Nintendo knows a thing or two about crafting worlds that have memorable, immediately recognizable characteristics. Perhaps, for you, the five-note theme that often accompanies Samus' appearance in Metroid games always conjures memories of many happy hours spent exploring alien landscapes. Maybe a glimpse of the Triforce is enough to stir the heart of the legendary hero residing in you. In Nintendo Land, the storied developer leverages the fondness many players feel for some of its most enduring series, while also employing some properties you probably haven't thought about in decades, or you never even knew existed. But while the window dressing at this amusement park of Nintendo-based attractions lends the game a good deal of personality, the real attraction is the gameplay.
There are 12 attractions accessible from the plaza that serves as Nintendo Land's hub. Six of them are for one player, three allow for both solo players or groups, and three are multiplayer only. The most serene attraction is the single-player Yoshi's Fruit Cart. Here, your Mii is placed in a cart modeled on the titular lovable dinosaur. The screen on the tablet and the screen on the television both show a green environment from a top-down view. On the TV, however, you can see fruits to collect and sometimes hazards to avoid, while the screen on the tablet shows only your starting position, the exits, and any patterns or shadows that might be on the stage's surface. You must draw a line on the tablet that takes the cart from its starting point to the exit, eating all the available fruit and winding your way around hazards.
It's a pleasantly absorbing exercise, trying to draw a safe path on the tablet using the information on the TV, sometimes relying on the shadows of clouds or other environmental features for reference. Completing stages is quite easy at first, but the challenge ramps up steadily as fruit starts to move in circular patterns and pitfalls become more prevalent. On these harder stages, it's a bit nerve-racking to hit the Go! button after drawing your line, and then watch the cart follow your path and hope it safely navigates its way through the hazards surrounding it.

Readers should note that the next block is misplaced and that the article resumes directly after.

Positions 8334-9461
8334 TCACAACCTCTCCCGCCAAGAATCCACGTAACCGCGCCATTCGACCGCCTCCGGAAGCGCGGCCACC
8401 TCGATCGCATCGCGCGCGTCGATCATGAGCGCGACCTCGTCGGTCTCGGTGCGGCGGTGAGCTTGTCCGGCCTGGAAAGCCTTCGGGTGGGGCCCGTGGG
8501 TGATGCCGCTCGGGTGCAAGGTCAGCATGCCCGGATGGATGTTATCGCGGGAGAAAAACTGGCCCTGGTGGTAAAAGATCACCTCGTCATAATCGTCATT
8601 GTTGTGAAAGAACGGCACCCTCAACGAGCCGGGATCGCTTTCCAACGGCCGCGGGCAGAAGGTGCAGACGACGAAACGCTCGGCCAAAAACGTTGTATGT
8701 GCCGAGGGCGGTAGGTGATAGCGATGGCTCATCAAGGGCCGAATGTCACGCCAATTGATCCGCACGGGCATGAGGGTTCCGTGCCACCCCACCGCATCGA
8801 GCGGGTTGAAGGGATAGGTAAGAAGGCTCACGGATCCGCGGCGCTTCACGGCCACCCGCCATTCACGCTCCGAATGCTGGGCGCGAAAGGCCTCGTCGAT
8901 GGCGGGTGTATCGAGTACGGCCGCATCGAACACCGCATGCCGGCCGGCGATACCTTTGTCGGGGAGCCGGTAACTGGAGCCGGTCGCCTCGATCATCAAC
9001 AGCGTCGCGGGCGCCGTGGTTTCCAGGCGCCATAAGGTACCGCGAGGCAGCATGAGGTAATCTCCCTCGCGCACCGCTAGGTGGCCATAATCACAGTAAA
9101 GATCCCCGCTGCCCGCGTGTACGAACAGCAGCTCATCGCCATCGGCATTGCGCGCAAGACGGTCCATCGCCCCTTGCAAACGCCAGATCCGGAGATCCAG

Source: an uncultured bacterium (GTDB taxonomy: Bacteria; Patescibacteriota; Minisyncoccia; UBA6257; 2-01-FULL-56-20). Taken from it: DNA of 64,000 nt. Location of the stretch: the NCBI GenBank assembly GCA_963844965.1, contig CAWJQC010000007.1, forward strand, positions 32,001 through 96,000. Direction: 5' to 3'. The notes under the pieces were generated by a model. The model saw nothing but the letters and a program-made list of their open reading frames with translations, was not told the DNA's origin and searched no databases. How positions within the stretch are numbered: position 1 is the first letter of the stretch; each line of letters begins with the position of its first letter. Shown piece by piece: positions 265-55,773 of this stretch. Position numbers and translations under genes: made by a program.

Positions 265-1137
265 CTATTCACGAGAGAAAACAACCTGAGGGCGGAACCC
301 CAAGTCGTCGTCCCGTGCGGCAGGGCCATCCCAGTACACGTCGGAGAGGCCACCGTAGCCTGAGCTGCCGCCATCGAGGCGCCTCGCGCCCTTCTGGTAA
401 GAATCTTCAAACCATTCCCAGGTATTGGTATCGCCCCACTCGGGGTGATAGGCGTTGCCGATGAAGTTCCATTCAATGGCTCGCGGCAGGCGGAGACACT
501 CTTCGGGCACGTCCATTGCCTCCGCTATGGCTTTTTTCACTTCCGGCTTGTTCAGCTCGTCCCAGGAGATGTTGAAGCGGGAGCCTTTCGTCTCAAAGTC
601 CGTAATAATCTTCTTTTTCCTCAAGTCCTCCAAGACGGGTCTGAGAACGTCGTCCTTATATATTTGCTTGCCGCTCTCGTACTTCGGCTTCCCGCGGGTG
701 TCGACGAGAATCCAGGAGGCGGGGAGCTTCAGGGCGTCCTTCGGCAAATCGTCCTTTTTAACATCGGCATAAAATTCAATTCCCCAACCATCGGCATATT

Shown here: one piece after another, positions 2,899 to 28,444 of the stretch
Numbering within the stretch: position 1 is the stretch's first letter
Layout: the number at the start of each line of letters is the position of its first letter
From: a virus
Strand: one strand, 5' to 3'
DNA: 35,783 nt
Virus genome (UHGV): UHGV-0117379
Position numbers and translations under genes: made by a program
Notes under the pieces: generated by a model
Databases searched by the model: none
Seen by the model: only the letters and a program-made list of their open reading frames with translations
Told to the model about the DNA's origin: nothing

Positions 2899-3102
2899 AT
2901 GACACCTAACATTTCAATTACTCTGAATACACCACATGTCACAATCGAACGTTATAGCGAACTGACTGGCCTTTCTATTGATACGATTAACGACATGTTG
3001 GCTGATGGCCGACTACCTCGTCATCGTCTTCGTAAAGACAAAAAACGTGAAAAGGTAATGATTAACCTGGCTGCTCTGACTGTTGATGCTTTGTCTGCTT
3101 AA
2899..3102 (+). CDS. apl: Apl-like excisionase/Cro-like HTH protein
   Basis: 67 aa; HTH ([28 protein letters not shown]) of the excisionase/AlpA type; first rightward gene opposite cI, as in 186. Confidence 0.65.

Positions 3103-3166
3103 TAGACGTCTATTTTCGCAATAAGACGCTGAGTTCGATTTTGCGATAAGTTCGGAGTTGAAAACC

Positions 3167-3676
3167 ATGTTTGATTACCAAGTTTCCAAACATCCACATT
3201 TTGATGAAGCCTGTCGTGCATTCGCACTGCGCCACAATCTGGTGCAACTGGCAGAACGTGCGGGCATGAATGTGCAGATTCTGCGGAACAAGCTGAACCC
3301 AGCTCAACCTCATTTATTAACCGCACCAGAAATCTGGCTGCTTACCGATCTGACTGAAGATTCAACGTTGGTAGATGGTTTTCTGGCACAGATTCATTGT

The solo attraction Octopus Dance picks up the pace a bit. (Who is Octopus, you ask? Why, he's the star of the Game and Watch game Octopus, of course!) In this attraction, your Mii becomes a deep-sea-diving dancer who tries to keep up with the moves demonstrated by an instructor. (Octopus is content to watch from the background, and occasionally squirt some ink that obscures your view on the tablet but leaves the TV unaffected.) The left and right thumbsticks on the tablet move your left and right arms; you can tilt the tablet to lean, and shake it to jump. That's all you need to do to perform all of the dance moves.
The moves come in sets of three and sometimes come at you very quickly, so just taking note of what you need to do and then doing it along with the rhythm gets tricky. Making matters trickier still is the fact that your Mii sometimes gets spun around by the dance instructor, which encourages you to shift your gaze between the tablet and the TV. It's easier to mimic dance moves when you're viewing your Mii from behind; if he or she is facing you, you have to flip everything around in your brain, which is difficult when things are moving quickly. Octopus Dance is rather simple, but it's nonetheless a fast-paced and fun test of skill that makes interesting use of the Wii U's capacity to show you different things on the tablet and the television.
In Donkey Kong's Crash Course, your Mii is creepily morphed into a roller (a vehicle with springy wheels and the face of your Mii) and placed into an obstacle course whose color scheme and chalk artwork recall the original Donkey Kong. The object is to get your roller safely to the end of each obstacle course by tilting the tablet to roll left or right. Navigating the courses is quite difficult and requires finesse. It's satisfying to guide the roller safely to the goal at the end of the course, but the extreme fragility of the roller, as well as the bothersome need to blow on the microphone occasionally to move platforms, makes Crash Course one of the lesser attractions at Nintendo Land.
Takamaru's Ninja Castle takes its name from a 1986 Famicom game that never saw release outside of Japan. In this first-person on-rails attraction, you infiltrate a ninja fortress to rescue a kidnapped princess. You hold the tablet with the screen pointed at the television lengthwise, and slide your finger along the screen to toss throwing stars at the cute cardboard ninjas who stand in your way. The action is fast, the star-throwing motion feels natural, and the environments have an endearing handcrafted look.
Captain Falcon's Twister Race tosses you into the futuristic purple racer of Captain Falcon. The television displays a traditional behind-the-vehicle view common to many racing games, which is great for any spectating friends. In the driver's seat, however, you're usually better served by the top-down perspective provided on the tablet, which gives you a much better view of upcoming turns, speed-boosting arrows, and obstacles. Your racer always heads straight up on the tablet; tilting the tablet to steer, you try to find the speediest route along the twisty track. The controls are terrifically responsive; if you go careening off the track or speed straight into a hazard, it's your fault, not the game's. The course starts out simple but gets progressively more treacherous, and it's fun to return to Twister Race to improve your best times and compete with those established by other players.